Even though we try not to look like tourists while traveling, there are still some places where visitors stand out and are approached by people trying to separate them from their money. To scam artists, tourists who are not familiar with local cultures or the language are an easy mark. In our travels we’ve picked up several tips for how to avoid scam artists on vacation.
Beware of anyone who approaches out of the blue with an overly friendly invitation. We’ve had several offers to join someone for coffee or a drink so they can “practice their English.” It seems harmless enough, but this is a widespread global scam where “marks” are taken to a local coffeehouse, teahouse or bar and then charged exorbitant prices, which only revealed when the check comes. At that point, the proprietor and scammer may use the threat of violence to make the person pay the bill. Here’s a detailed story about a solo female traveler who fell prey to a teahouse scam.
Avoid street sellers offering you a “great” deal. One night in Shanghai Larissa let Michael wander off on his own for a bit, figuring he couldn’t get into too much trouble. In the heart of downtown he was immediately accosted by a young man who whipped out a piece of cardboard that had pictures of various Apple products and high-tech devices glued to it. They were all for sale at record low prices if Michael would just follow him to his shop conveniently located up a dark alley. Michael turned him down so the seller flipped the card over to the other side where there were pictures of women in various stages of undress. They also had price tags next to them. Since there was an obvious language barrier Michael just pointed to his wedding ring. The enterprising seller then made a universal gesture making a pumping motion with his fist while saying in stilted English, “How about hand job then?” Larissa is now more cautious when Michael wanders off unsupervised.
Don’t touch that dial. We had just checked into our hotel room when we saw a note by the phone warning guests about a potential scam. Here’s how it works. Someone calls your room and says they are from the front desk and are having trouble processing your credit card, “Could you please repeat the number or give them another card?” Not really thinking the guest complies. Unfortunately the call came from outside the hotel and you just gave your credit card number to a complete stranger. We have to admit, this is a good one that a tired traveler could easily fall for. It is part of a growing trend of calling hotel guests to extract their private information.
Watch what you wear. Don’t wear clothes that scream “I’m not from here. Please scam me!” In particular, avoid items that show where you are from. I caught the man above leaving a train station in Italy. (Train stations are the source of many scam artists since they are crowded and passengers are often confused or tired upon arrival.) He’s proudly wearing a Michigan State sweatshirt while his wife trailing behind is attired in a Detroit Lions shirt. Not only are they announcing to potential scam artists that they are Americans, they are also sharing their hometown/state. In this case, it’s easy for someone to approach them by starting a conversation about Michigan or the Lions. Being from the midwest they’re probably too polite to rebuff him and the con artist is off to the races.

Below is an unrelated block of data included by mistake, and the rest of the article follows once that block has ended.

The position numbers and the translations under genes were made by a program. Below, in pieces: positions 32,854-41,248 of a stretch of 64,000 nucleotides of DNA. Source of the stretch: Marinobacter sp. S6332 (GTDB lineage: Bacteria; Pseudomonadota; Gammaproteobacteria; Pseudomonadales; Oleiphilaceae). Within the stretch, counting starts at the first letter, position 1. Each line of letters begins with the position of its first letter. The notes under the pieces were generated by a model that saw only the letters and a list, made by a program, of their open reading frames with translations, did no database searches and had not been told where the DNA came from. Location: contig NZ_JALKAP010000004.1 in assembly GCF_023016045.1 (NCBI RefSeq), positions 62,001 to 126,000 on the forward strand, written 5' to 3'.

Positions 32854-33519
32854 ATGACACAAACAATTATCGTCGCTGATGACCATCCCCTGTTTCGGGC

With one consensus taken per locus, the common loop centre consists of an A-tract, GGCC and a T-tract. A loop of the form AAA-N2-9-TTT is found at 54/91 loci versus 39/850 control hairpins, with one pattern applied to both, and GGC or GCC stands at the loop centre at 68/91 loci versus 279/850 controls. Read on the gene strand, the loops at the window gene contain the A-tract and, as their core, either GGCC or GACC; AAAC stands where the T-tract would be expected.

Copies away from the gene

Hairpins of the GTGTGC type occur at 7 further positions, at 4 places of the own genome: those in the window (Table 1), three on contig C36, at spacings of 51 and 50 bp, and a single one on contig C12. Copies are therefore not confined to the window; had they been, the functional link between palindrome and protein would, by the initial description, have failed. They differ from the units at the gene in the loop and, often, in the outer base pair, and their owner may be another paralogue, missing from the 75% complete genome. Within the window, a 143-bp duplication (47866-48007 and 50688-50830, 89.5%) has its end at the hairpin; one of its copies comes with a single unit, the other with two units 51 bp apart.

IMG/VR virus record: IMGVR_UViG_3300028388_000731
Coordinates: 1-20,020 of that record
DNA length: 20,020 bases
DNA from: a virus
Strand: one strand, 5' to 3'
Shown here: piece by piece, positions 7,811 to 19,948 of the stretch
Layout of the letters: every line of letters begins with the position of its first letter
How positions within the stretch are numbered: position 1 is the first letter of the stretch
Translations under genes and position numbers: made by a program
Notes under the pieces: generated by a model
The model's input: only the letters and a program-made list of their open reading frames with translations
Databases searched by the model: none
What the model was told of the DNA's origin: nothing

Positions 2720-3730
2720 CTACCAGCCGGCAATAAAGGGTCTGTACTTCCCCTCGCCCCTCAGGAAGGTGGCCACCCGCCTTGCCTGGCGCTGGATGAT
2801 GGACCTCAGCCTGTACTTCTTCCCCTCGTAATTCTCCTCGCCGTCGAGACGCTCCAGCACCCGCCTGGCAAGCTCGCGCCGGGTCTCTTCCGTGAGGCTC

Be cautious when strangers are eager to pose with you in photos. A local family approached us on Tiananmen Square, saying they wanted a photo with us for good luck. While posing, Michael felt the grandmother’s hands rummaging in his pockets. After realizing they weren’t Larissa’s he immediately stopped our impromptu photo session.
Play dumb. This an effect that Michael has perfected through years of practice dating back to elementary school. When approached by potential scammers, you should feign confusion about what they are saying. Since English is the lingua franca of scam artists the world over, Michael pretends he doesn’t speak English and says so in Russian, which most of the scammers don’t speak (except, of course, in Russia).This usually puts off the scam artist because the whole foundation of their con is communication. Thus frustrated, they quickly move on.
Don’t believe anything that seems too good to be true. While strolling on Red Square in Moscow, a man dropped a wad of U.S. currency right in front of us. Immediately, another fellow picked it up and offered (in broken English and hand gestures) to go somewhere quiet with us to split this unexpected bounty. Which, of course, would have ended up with an alley mugging. Nyet, thanks.
Avoiding pickpockets. Here are our guides to avoiding pickpockets on vacation. While pickpockets are not as overt as street scammers, they are potentially more damaging.
Be aware of your surroundings. It’s easy to be on the alert when traveling in a gritty urban environment or crowded outdoor market, but what about when you’re in a genteel setting, say being out for a bike ride in a park in Montreal? Here’s a tale of being stolen from in broad daylight in the unlikeliest of places.
We hate to make travel sound like a dangerous undertaking with potential risks lurking around every corner. For the most part it is not. Don’t be so afraid of being conned that you don’t enjoy yourself. Just be aware of the potential pitfalls that are out there so they don’t ruin your vacation.
Please share in the comments section below any scams you’ve come across in your travels!
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